RICHMOND, Ind. – With the end of the nationwide free school lunch program, many Hoosier parents are once again paying for their kids’ meals. But some districts have qualified to continue feeding kids for free, and more are trying to obtain that funding.

“Having to pay for breakfast, lunch and three snacks basically a day is pretty big of a burden,” said Kylee Andrews, who has a daughter in the Centerville-Abington school district.

Like many parents, Andrews is now paying for her daughter’s meals after two years of free breakfast and lunch. The money she saved before helped cover other costs like after-school activities, she said.

“Cheerleading is $9 a week, plus [the] competition fee, plus their uniforms,” Andrews said.

Some schools in Indiana qualify to continue offering free lunches and breakfasts for all students, regardless of income.

“It’s really fantastic for kids and families,” said Karen Scalf, chief financial officer for Richmond Community Schools.

In the Richmond school district, roughly three out of four students qualify for free or reduced-price lunch, Scalf said.

Richmond serves everyone free meals under the Community Eligibility Provision, a nationwide, federally-funded program that is open to schools with at least 40% of their students in need.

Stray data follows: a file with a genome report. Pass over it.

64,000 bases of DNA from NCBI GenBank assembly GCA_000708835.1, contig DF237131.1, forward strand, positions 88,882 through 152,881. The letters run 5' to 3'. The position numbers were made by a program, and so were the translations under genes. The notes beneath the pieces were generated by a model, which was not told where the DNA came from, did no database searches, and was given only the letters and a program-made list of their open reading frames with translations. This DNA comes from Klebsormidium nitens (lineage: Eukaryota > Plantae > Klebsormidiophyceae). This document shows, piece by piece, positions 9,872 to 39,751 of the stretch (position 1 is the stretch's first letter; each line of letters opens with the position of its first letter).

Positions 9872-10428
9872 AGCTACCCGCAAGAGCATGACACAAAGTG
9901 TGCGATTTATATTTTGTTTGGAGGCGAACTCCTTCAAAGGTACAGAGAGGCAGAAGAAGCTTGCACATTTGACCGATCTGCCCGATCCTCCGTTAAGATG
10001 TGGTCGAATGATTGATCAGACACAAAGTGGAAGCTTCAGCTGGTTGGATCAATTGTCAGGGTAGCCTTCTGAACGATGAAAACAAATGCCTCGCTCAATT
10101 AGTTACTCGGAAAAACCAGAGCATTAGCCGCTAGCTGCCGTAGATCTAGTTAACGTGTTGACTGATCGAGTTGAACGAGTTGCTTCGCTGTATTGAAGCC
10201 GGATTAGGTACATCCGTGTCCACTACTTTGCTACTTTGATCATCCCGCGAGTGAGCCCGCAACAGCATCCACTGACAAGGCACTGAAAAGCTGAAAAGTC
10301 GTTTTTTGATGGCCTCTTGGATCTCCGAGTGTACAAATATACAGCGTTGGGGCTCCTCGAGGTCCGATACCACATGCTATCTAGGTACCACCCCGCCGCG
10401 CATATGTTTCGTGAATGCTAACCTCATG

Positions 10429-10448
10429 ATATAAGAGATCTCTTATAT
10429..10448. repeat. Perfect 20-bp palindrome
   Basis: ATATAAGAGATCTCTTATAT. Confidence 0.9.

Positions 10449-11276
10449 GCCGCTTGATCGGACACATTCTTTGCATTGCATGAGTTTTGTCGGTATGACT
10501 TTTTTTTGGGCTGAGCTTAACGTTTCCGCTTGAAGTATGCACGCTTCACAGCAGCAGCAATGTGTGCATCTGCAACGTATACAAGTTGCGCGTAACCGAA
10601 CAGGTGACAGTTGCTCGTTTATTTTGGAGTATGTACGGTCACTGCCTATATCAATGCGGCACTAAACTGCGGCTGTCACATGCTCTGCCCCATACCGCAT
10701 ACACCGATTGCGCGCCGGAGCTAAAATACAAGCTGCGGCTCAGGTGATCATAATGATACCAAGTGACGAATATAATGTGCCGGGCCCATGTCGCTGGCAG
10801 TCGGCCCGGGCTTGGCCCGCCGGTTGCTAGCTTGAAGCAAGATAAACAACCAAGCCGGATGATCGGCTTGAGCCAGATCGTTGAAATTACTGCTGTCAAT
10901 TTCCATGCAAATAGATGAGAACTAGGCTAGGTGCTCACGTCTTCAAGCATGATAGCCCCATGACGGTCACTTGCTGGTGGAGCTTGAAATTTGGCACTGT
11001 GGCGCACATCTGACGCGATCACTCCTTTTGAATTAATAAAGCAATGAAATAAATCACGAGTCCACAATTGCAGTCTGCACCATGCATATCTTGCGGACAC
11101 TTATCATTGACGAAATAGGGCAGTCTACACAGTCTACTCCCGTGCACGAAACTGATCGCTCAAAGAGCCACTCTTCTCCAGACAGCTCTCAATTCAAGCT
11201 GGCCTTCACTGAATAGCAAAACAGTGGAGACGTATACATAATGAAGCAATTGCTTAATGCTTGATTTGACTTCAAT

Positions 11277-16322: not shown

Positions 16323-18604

According to the Indiana Department of Education, more than 40 public school corporations are enrolled in the Hoosier State, with roughly a quarter of those new to the program this year. At least two other school districts have applied to participate.

In some Richmond schools, the number of students getting lunch in the cafeteria more than doubled since the district first participated in the program in 2018, Scalf said.

“Our participation numbers are dramatically different,” she said. “And so we do see that it has increased students who are eating in our cafeterias.”

Meanwhile, with many Hoosier parents still having to pay for meals, some nonprofits are preparing for increased demand for assistance. That includes Students Fund of Hope, which has helped pay off school lunch debt for students in the Flat Rock-Hawcreek School Corporation.

“To pay $2.50 to whatever it is a lunch, when you times that by five, by so many days a month, that’s a utility bill,” said Whitney Budd, the organization’s president and co-founder. “That’s their water bill. That’s their electric bill.”

Many students still have the opportunity to apply for free or reduced-price lunch through their school district.